In conclusion, we showed that ETL plays a role as a prognostic factor in esophageal cancer. Our data suggest a possible benefit from preoperative treatment in early stages non cervical SCC N0 patients who, at the moment, are treated with surgery alone.
We strongly believe that ETL needs to be reassessed as a valuable stratification parameter in the forthcoming next TNM staging system revision (AJCC).
As a closing consideration, one strength of ETL as a prognostic variable is that it is easy to obtain also in poor socioeconomic area (where SCC of the esophagus is prevalent to adenocarcinoma [3, 5]) where it could be sufficient for an initial evaluation of the prognosis and therefore of the impact of the patient on the healthcare system.
Conceived and designed the experiments: MV ESP. Performed the experiments: MV ESP CADP. Analyzed the data: MV ESP CADP. Contributed reagents/materials/analysis tools: AR GZ RS MC SM LM. Wrote the paper: MV ESP AR.
- 1. Torre L. A., Bray F., Siegel R. L., Ferlay J., Lortet-Tieulent J. and Jemal A. Global cancer statistics, 2012. CA Cancer J Clin 65, 87–108 (2015). pmid:25651787
- 2. Siegel R. L., Miller K. D. and Jemal A. Cancer statistics, 2015. CA Cancer J Clin 65, 5–29 (2015). pmid:25559415
- 3. Arnold M., Soerjomataram I., Ferlay J. and Forman D. Global incidence of oesophageal cancer by histological subtype in 2012. Gut 64, 381–387 (2015). pmid:25320104
- 4. Lozano R., Naghavi M., Foreman K., Lim S., Shibuya K., Aboyans V., et al. Global and regional mortality from 235 causes of death for 20 age groups in 1990 and 2010: a systematic analysis for the Global Burden of Disease Study 2010. Lancet 380, 2095–2128 (2012). pmid:23245604
- 5. Rubenstein J. H. and Shaheen N. J. Epidemiology, Diagnosis, and Management of Esophageal Adenocarcinoma. Gastroenterology (2015).
- 6. Edge S. B. and Compton C. C. The American Joint Committee on Cancer: the 7th Edition of the AJCC Cancer Staging Manual and the Future of TNM. Ann Surg Oncol 17, 1471–1474 (2010). pmid:20180029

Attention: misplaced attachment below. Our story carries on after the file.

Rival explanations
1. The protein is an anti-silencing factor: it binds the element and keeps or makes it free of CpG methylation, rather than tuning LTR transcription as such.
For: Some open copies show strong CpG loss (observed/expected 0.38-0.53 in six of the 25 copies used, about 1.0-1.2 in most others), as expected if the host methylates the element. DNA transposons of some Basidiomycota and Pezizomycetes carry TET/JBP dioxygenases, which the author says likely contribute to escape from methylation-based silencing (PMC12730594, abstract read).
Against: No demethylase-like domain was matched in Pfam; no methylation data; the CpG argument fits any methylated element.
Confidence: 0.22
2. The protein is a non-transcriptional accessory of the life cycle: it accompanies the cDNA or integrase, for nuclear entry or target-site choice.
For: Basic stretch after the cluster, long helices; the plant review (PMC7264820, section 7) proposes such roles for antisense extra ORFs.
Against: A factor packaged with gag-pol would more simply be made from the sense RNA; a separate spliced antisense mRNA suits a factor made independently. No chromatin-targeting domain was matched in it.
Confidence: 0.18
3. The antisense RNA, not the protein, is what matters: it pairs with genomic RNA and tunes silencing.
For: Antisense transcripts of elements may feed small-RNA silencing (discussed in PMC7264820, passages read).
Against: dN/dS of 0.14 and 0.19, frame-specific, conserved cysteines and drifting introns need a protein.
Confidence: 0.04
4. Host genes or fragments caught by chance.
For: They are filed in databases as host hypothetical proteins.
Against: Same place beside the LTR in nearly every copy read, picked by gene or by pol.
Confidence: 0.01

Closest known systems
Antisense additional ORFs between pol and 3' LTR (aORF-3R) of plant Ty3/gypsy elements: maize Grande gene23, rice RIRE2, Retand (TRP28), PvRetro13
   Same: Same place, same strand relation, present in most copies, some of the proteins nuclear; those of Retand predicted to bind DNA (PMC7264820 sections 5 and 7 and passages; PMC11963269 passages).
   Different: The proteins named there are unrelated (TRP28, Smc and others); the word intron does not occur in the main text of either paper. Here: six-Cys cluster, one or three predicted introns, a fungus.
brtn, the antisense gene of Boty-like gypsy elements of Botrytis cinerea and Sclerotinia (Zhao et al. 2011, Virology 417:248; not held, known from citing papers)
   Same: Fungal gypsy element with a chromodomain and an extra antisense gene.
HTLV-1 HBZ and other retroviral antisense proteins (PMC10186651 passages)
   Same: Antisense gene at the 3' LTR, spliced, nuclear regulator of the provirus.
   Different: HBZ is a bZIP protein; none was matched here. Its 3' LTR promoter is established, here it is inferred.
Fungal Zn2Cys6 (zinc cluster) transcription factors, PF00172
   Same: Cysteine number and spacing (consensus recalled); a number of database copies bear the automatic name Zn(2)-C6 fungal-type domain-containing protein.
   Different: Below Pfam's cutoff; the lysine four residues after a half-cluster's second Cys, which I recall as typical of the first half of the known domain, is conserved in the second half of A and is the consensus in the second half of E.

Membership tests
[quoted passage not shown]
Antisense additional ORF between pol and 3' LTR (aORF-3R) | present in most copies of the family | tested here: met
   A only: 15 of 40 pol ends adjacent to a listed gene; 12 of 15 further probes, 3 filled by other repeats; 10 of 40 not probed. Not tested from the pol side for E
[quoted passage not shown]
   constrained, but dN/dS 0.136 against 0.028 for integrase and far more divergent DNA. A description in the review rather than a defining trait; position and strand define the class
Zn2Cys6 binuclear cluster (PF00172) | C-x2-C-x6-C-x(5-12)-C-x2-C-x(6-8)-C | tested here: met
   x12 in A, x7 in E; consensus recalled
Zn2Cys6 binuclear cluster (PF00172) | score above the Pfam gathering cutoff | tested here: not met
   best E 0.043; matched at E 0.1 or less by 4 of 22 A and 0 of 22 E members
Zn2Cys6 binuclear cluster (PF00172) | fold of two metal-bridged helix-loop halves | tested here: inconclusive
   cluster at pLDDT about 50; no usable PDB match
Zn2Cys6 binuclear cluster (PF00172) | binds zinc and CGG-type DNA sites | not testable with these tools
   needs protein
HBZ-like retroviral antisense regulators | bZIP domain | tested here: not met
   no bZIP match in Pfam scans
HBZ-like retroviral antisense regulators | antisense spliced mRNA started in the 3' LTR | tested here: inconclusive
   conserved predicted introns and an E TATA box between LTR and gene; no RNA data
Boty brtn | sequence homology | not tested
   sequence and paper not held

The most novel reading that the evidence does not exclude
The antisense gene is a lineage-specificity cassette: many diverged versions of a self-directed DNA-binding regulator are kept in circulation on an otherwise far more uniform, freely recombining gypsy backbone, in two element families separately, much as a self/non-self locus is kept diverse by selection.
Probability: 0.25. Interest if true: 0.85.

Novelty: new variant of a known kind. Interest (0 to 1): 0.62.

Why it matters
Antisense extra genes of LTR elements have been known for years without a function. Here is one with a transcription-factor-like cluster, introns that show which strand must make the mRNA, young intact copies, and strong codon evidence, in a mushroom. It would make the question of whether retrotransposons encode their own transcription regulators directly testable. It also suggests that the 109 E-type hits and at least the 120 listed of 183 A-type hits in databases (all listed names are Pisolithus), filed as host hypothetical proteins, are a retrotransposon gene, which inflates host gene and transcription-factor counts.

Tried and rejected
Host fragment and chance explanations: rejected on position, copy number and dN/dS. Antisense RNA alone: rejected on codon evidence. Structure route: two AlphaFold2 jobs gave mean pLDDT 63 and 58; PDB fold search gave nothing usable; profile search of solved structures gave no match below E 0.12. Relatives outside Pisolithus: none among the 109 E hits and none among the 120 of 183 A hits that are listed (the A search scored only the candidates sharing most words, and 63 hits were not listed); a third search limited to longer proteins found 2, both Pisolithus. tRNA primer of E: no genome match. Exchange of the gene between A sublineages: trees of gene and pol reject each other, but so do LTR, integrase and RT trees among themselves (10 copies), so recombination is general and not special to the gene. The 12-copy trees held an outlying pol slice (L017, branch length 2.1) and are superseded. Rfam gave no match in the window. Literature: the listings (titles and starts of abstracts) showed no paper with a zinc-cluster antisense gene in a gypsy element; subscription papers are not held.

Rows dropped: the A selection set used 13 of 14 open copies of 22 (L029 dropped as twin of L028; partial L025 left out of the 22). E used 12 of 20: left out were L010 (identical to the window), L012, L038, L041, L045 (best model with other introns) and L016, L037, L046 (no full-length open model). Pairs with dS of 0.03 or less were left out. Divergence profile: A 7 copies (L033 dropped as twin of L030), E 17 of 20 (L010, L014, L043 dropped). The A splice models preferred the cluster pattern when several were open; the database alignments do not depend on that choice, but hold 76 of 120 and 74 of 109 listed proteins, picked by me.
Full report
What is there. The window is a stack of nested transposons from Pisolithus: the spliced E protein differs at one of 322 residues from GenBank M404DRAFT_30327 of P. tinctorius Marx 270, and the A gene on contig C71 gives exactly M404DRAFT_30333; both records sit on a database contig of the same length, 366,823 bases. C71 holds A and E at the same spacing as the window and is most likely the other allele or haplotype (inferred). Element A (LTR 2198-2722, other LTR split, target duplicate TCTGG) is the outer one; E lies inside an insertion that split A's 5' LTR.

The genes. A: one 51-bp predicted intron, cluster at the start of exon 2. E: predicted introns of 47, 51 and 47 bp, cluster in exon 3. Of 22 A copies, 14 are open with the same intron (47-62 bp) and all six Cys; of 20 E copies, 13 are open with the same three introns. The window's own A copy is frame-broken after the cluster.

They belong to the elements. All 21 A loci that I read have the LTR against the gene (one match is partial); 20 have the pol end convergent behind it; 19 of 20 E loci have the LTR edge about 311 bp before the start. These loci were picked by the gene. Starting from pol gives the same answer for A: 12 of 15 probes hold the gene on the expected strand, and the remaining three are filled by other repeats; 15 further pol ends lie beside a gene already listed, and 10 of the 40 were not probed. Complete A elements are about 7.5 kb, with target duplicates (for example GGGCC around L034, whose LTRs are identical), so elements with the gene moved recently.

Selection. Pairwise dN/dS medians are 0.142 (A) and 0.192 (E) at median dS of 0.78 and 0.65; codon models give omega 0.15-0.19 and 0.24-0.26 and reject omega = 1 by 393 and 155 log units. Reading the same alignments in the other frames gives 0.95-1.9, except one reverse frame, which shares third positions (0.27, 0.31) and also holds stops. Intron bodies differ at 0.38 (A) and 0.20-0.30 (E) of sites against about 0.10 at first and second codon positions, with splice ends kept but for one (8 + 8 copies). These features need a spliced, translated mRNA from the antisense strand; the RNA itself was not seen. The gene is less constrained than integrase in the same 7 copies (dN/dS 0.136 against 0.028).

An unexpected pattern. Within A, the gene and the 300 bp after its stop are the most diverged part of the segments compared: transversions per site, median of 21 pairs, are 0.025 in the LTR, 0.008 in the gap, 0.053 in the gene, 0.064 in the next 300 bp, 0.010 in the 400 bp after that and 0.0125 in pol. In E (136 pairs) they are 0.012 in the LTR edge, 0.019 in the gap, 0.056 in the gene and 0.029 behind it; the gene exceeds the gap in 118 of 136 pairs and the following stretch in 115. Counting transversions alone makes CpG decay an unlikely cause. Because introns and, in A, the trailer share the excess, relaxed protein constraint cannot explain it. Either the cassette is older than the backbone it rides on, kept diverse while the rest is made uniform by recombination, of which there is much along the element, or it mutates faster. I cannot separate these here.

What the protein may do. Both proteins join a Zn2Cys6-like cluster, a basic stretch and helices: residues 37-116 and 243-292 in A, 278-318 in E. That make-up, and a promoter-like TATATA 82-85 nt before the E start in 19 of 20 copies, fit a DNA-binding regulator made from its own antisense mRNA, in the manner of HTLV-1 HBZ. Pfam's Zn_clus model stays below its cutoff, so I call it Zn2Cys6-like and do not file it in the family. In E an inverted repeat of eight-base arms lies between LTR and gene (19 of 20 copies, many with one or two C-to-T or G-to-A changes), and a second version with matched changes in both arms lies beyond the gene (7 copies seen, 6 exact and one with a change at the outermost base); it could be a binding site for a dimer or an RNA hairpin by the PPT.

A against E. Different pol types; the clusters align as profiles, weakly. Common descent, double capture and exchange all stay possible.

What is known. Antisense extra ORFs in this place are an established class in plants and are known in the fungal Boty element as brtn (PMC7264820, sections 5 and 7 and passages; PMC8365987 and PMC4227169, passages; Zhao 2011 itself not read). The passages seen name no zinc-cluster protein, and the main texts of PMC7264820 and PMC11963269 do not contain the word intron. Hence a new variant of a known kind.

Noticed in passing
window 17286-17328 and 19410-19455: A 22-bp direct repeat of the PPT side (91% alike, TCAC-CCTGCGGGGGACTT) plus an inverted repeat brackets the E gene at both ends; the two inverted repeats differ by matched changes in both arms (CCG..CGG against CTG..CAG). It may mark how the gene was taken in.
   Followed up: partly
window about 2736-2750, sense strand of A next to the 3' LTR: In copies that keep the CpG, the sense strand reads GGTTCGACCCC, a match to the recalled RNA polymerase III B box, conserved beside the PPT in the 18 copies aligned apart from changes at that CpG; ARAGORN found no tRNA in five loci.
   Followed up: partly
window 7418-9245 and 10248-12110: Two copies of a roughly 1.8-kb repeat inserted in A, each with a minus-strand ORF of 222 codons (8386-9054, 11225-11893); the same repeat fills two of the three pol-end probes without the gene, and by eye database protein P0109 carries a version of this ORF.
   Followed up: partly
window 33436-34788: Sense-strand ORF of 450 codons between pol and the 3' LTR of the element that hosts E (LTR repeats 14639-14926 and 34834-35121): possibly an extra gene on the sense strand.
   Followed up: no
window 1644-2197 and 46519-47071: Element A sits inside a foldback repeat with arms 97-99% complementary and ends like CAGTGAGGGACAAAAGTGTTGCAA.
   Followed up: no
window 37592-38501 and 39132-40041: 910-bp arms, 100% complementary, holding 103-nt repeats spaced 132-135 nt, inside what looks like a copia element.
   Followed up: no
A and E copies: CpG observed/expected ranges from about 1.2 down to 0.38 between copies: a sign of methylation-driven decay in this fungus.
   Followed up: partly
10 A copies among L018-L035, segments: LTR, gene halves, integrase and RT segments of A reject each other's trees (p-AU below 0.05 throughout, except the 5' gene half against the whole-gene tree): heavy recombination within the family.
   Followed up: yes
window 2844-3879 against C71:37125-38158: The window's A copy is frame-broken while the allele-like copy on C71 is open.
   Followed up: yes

- 7. Wang J., Wu N., Zheng Q., Yan S., Lv C., Li S., et al. Evaluation of the 7th edition of the TNM classification in patients with resected esophageal squamous cell carcinoma. World J. Gastroenterol. 20, 18397–18403 (2014). pmid:25561808
- 8. Rice T. W. and Blackstone E. H. Esophageal cancer staging: past, present, and future. Thorac Surg Clin 23, 461–469 (2013). pmid:24199696
- 9. Karashima R., Watanabe M., Imamura Y., Ida S., Baba Y., Iwagami S., et al. Advantages of FDG-PET/CT over CT alone in the preoperative assessment of lymph node metastasis in patients with esophageal cancer. Surg. Today 45, 471–477 (2015). pmid:24969050
- 10. Khanna L. G. and Gress F. G. Preoperative evaluation of oesophageal adenocarcinoma. Best Pract Res Clin Gastroenterol 29, 179–191 (2015). pmid:25743465
- 11. Schmidt T., Lordick F., Herrmann K. and Ott K. Value of functional imaging by PET in esophageal cancer. J Natl Compr Canc Netw 13, 239–247 (2015). pmid:25691614
- 12. Dhupar R., Correa A. M., Ajani J., Betancourt S., Mehran R. J., Swisher S. G., et al. Concordance of studies for nodal staging is prognostic for worse survival in esophageal cancer. Dis. Esophagus 27, 770–776 (2014). pmid:24152134
- 13. Jeon H. W, Kim K. S., Sung S. W., Park H. J., Kim Y. and Park J. K. Prognostic Value of the Maximum Standardized Uptake Value on Positron Emission Tomography for Esophageal Squamous Cell Carcinoma. Thorac Cardiovasc Surg 63, 341–348 (2015). pmid:25322264
- 14. Qumseya B. J., Brown J., Abraham M., White D., Wolfsen H., Gupta N. et al. Diagnostic performance of EUS in predicting advanced cancer among patients with Barrett's esophagus and high-grade dysplasia/early adenocarcinoma: systematic review and meta-analysis. Gastrointest. Endosc. 81, 865–74.e2 (2015). pmid:25442088
- 15. Worrell S. G., Oh D. S., Greene C. L., Demeester S. R. and Hagen J. A. Endoscopic ultrasound staging of stenotic esophageal cancers may be unnecessary to determine the need for neoadjuvant therapy. J. Gastrointest. Surg. 18, 318–320 (2014). pmid:24190248
- 16. Tekola B. D., Sauer B. G., Wang A. Y., White G. E. and Shami V. M. Accuracy of endoscopic ultrasound in the diagnosis of T2N0 esophageal cancer. J Gastrointest Cancer 45, 342–346 (2014). pmid:24788081
- 17. Hutter R. V. P. At Last—Worldwide Agreement on the Staging of Cancer: Presidential Address. Arch Surg 122, 1235–1239 (1987). pmid:3675187
- 18. Wang B. Y., Goan Y. G., Hsu P.-K., Hsu W. H. and Wu Y. C. Tumor Length as a Prognostic Factor in Esophageal Squamous Cell Carcinoma. The Annals of Thoracic Surgery 91, 887–893 (2011). pmid:21353021
- 19. Wang B., Liu C., Lin C., Hsu P., Wu Y., Cheng C. Endoscopic Tumor Length Is an Independent Prognostic Factor in Esophageal Squamous Cell Carcinoma. Ann Surg Oncol 19, 2149–2158 (2012). pmid:22407313